Roughly 150 CAS cases have been appealed to the Swiss Federal Tribunal since 1992, writes FINA legal committee chair Darren Kane, and only “a single-digit percentage” of those appealing have succeeded.
Kane wrote an informative editorial in The Sydney Morning Herald last week, shedding some light on the specific procedural points of Sun Yang‘s appeal. The 28-year-old Sun is a three-time Olympic champ who earlier this year was banned for eight years over an out-of-competition doping test in the fall of 2018. During that test, Sun challenged the credentials of doping control agents, refused to provide a urine sample, and the conflict ended with someone in Sun’s entourage smashing a vial of blood.
Sun was originally cleared by an independent doping panel within FINA, but WADA appealed to the Court of Arbitration for Sport (CAS), which issued the 8-year ban to Sun, effectively ending his career.
Kane is the acting chairman of FINA’s legal committee, but in his editorial, he makes clear that he does not speak for FINA (the international governing body for swimming) and did not have anything to do with Sun’s doping case. Kane is also a sports columnist for the Herald.
Kane lays out some of the intricacies of Swiss law, and the potential avenues Sun has to get his ban overturned. You can read the full editorial here, but we’ll pull out key points below:
Appeals from CAS to the Swiss Federal Tribunal are rare – and not often successful. Kane writes that since 1992, only about 150 cases have been appealed from CAS to the Swiss Federal Tribunal, and only “a single-digit percentage of appellants have succeeded.”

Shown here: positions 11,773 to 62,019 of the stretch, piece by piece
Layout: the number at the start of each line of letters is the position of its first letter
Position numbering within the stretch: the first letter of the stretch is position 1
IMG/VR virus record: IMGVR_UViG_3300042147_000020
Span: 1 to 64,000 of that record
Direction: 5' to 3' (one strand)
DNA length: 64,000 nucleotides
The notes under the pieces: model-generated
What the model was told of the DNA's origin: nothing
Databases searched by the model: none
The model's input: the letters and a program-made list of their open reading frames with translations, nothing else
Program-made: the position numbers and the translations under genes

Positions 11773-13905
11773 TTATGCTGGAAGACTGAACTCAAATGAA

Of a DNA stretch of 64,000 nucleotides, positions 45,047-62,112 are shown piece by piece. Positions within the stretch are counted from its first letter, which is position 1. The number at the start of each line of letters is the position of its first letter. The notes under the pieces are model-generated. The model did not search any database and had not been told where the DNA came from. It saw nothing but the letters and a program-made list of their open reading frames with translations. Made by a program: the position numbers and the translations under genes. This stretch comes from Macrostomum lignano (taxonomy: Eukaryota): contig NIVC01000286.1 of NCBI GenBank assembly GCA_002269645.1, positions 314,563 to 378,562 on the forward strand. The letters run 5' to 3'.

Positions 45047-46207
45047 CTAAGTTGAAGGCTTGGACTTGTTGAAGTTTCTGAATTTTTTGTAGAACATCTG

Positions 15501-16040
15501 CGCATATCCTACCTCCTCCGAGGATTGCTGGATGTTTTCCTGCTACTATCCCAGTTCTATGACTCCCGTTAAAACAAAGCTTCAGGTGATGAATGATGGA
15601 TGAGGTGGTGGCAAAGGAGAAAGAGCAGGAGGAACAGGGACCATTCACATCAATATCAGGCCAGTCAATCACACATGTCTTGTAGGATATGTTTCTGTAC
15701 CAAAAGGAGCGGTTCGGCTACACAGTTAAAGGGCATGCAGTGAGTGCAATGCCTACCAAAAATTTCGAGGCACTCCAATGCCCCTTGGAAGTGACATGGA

Swiss law is the standard because the CAS is headquartered in Switzerland. Though Sun lives in China, and the incident in question occurred in China, CAS rules say that the court is headquartered in Switzerland. Its 8-year ban was issued in Switzerland, and Sun’s attempt to overturn that ban will be based on Swiss law governing international arbitrations.
There are five grounds for appeal, and Kane says only two are likely avenues for Sun. Kane immediately throws out three of the five grounds for appeal: cases where the CAS panel was improperly constituted, where CAS doesn’t have jurisdiction over the case, or where CAS makes an order that neither party was requesting. The remaining options would be (1) if CAS afforded the parties unequal treatment, or (2) where CAS violated one party’s right to be heard.
Sun’s CAS hearing was indeed marred by numerous issues with translators for Sun and many of his Mandarin-speaking witnesses.
The Swiss Federal Tribunal ‘remedy’ would be a new CAS trial. For those concerned that the Swiss Tribunal could completely clear Sun, Kane believes otherwise. He writes that if the Tribunal found that the CAS case didn’t give Sun the full ability to state his case, the outcome would be a second CAS trial, not an immediate judgement in Sun’s favor.